**Why is Jim Mora still coaching UCLA? And more specifically why is Tom Bradley still the Bruins defensive coordinator? The latest Bruin embarrassment was a 54-38 pounding given to them by Stanford with its back-up QB running the offense. The Bruins, as they were against Texas A&M and Memphis, were clueless, hapless and hopeless on defense. Mora's seat should be a little hotter than it was a few days ago and Bradley, who was rescued from the Penn State dumpster, needs to ease back into retirement.
**The SEC does many things right, but can't it come up with nicknames for its schools without having a repeat. This weekend we had SEC conference games between the Bulldogs and Dawgs (Miss State and Georgia) and Tigers and Tigers (Auburn vs. Missouri).
**Our vote for best commercial of the year is Hyundai doing an ad with a pair of commuters singing "Sweet Caroline' during rush hour. It works and it makes you feel good just watching it, more so, if you aren't in traffic.
**Want someone to boo at a college football game? Check out the guy in the red jacket standing on the field during time outs. Play doesn't resume until he walks off the field, which is when the television commercials are over. Come to think of it, wonder if he does get booed at Temple home games because in Philly they boo everybody.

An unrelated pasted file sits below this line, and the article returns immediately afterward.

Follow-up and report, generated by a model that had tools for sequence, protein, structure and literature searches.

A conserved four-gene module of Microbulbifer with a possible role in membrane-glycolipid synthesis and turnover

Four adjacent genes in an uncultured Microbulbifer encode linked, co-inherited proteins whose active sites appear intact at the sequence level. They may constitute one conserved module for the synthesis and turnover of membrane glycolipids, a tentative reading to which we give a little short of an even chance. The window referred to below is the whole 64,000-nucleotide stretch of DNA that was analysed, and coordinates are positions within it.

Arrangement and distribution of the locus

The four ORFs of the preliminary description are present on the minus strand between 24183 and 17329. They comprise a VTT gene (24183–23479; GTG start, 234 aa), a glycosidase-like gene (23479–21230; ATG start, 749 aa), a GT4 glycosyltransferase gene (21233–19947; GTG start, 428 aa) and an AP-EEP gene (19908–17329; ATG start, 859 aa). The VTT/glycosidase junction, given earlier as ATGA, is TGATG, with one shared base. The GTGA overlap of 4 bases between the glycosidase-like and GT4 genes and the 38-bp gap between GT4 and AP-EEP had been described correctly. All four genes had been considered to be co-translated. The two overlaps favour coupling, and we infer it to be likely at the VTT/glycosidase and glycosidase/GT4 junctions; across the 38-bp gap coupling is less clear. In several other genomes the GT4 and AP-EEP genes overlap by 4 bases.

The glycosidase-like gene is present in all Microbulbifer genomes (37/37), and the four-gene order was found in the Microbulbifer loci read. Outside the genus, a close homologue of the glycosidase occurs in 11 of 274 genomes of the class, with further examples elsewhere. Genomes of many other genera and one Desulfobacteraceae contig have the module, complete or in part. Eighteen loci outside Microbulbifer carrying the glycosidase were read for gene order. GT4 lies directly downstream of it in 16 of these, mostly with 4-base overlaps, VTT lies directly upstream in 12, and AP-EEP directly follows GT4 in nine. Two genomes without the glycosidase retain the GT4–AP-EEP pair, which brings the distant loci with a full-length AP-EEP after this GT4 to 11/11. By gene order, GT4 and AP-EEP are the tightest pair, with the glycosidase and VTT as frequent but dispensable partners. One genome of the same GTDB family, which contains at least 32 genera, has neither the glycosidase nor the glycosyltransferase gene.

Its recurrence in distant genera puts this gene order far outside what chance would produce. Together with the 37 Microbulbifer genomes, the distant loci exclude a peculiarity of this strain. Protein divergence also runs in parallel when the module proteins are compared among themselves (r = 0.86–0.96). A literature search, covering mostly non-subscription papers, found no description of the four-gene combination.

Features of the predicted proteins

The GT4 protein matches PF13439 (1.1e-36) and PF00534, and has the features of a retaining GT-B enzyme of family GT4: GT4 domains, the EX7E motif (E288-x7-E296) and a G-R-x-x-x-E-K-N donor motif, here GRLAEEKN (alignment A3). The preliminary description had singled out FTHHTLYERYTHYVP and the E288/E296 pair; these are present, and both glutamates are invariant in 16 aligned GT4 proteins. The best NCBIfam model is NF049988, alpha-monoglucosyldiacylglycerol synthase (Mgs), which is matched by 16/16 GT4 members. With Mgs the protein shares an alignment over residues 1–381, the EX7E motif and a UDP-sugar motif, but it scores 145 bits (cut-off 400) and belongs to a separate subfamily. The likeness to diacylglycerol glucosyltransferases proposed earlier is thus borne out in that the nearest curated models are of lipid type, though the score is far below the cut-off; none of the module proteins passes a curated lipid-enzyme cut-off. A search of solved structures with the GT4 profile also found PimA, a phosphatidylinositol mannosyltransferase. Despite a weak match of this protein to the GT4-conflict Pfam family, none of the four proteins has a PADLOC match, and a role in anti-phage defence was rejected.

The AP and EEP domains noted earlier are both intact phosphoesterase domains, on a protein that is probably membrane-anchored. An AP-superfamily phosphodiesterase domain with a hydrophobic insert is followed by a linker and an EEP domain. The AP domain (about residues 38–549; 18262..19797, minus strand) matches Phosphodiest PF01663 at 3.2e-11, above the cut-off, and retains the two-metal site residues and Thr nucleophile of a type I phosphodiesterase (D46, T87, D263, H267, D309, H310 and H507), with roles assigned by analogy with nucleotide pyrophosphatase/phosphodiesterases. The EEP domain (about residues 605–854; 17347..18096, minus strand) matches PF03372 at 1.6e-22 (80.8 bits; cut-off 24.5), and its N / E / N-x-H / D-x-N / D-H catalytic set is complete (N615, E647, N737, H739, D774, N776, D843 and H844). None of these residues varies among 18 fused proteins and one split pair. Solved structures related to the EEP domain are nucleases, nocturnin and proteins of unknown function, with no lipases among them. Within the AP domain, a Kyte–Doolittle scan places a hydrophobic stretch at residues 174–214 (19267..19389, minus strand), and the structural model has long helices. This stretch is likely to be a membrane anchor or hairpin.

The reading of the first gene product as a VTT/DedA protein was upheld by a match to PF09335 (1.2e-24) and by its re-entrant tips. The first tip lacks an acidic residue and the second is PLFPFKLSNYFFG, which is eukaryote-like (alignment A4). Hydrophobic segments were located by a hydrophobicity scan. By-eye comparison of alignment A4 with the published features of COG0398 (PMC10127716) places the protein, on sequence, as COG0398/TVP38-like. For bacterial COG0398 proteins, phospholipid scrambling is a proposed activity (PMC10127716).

**Let me start off by saying that A Jersey Guy thinks that ESPN's Rod Gilmore is one of the best college football analysts doing college football. But the Stanford grad working the game between his alma mater and UCLA on Saturday night was talking about the quarter system used by both schools, which set up a situation where classes were not starting at either school until this week. When asked about it by his broadcast partner Mark Jones, Gilmore said that the start of classes was a "disruption.''
Gilmore, of course, explained that it was merely a change in routine, but the concept of classes being a disruption to football players probably went over big at NCAA headquarters in Indianapolis.
**Even the NCAA has a sense of humor when it comes to Rutgers. The Scarlet Knights were just put on two-year probation for "failure to monitor the football program from 2011-2015. That is normally a very serious charge, bringing heavy sanctions and suspensions. But this time: received a "public reprimand and censure.'
Excuse me? Well, being a Jersey Guy let me explain. The Committee on Infractions knew that banning the Scarlet Knights from a bowl game was an oxymoron over the last few seasons. Rutgers hasn't been to a bowl game since 2014 and while the Scarlet Knights are above .500 in bowl games, there is little to suggest they will be bowl worthy any time soon. Keep them off television? Who, outside of a Wayne's World access cable network outside of Rutgers' grad Tom Luicci's home watches Rutgers football? Scholarship reduction. The program has been such a mess, the Scarlet Knights could add scholarship players and still lose. In fairness to Rutgers, the Scarlet Knights self imposed some penalties, which probably helped their cause.
So the NCAA did the smart move. It gave them a two-year public time-out session, telling them they were bad boys.[/membership]